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George Takei Inherits the “Better Part of Democracy”
31 May 2019

George Takei Inherits the “Better Part of Democracy”

How haunting childhood experiences at a Japanese-American internment camp led to “a new American Musical”

By Michael Jarema, contributing writer

George Takei became famous in the late 1960s for his portrayal of Hikaru Sulu, helmsman of the USS Enterprise on NBC’s classic “Star Trek” television series. Like other members of the cast, Takei was instrumental in pioneering more extensive roles for characters of color, and the use of actual actors of color to portray those characters (as opposed to Caucasian actors made up to play non-white ethnicities). This marked a significant change to the American film and television industries, and to their audiences.

George Takei also spent his early childhood years as a prisoner of the U.S. government – following the attack on Pearl Harbor, he and his family were confined for the duration of World War II in Japanese-American internment camps.

On April 30 this year, the White House issued its annual proclamation declaring May as Asian American and Pacific Islander Heritage Month. 2019 marks the 41st anniversary of the designation. The White House statement1 read in part, “The contributions of Americans of Asian and Pacific Islander descent are firmly woven into the diverse fabric of our Nation. During Asian American and Pacific Islander Heritage Month, we celebrate the remarkable accomplishments of Americans of Asian and Pacific Islander heritage that have enriched our great country and helped define our history.”

Takei is one of those Asian-Americans to which the White House proclamation refers. As an author, activist and social media personality, he’s riding a second wave of fame which began in part around ten years ago, when Takei developed and starred in “Allegiance: A New American Musical,” based on his family’s experiences in the internment camps.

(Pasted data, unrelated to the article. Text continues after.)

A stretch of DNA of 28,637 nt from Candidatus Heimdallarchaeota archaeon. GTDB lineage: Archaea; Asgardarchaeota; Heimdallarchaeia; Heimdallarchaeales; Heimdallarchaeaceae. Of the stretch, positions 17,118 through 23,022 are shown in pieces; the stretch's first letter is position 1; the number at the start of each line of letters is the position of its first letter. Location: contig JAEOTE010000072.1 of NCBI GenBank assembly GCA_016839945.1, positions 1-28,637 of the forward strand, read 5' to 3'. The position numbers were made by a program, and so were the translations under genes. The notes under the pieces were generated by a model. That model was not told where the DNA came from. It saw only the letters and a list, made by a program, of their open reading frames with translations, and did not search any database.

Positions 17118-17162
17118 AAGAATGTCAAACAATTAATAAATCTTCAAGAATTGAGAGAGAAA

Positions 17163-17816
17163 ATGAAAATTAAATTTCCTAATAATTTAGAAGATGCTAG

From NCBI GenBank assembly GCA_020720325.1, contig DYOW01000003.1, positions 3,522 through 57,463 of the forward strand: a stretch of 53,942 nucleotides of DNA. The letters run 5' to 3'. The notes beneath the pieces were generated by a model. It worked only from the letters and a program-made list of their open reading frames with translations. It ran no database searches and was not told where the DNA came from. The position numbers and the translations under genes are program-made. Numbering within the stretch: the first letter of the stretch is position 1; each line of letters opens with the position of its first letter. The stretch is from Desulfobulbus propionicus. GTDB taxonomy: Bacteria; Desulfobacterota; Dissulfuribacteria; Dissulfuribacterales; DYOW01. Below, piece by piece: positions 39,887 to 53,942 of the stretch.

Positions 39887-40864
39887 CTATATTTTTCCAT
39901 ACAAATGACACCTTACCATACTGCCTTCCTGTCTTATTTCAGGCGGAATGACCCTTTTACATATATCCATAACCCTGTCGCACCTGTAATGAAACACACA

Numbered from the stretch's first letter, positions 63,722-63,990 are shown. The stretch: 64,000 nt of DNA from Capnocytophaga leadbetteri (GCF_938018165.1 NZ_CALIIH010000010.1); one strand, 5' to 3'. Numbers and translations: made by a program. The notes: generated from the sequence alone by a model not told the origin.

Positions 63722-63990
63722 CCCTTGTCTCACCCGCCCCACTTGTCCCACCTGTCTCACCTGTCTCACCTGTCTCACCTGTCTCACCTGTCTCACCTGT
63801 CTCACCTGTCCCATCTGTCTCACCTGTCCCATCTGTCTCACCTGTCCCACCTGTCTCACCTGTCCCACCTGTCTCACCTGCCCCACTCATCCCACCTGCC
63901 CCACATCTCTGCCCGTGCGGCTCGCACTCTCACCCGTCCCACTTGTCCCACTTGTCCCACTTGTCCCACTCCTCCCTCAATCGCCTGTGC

From real life experiences, “Allegiance” was born

Takei recalled in his interview with Marlow Stern of The Daily Beast2: “...that morning that the soldiers ordered us out of our home – that's burned into my memory. My brother, father, and I left the house first and we were waiting on the front lawn for my mother, and she came out carrying my baby sister and a duffel bag, and tears were running down her face. A child never forgets a scene like that.”

Takei’s family, along with thousands of others – 120,000 individuals total – were rounded up by soldiers with bayonets affixed to their rifles, and in Takei's case taken to the horse stables at Santa Anita Racetrack. The government allowed internees to take with them only what could be carried in a suitcase. All other possessions – including homes, cars, businesses, furniture – had to be sold off for whatever price could be gotten. Most went for well below their actual worth.

Takei continued in a 2012 interview with Theatre Forum’s William Given3: "(We) were told we were going to spend the next few months in a horse stall, a smelly horse stall. And for my parents, particularly my mother...it was the most degrading and humiliating experience to take her children…”

Takei’s family was detained at Santa Anita for months, until their eventual destination – the internment camp in Rohwer, Arkansas – could be built.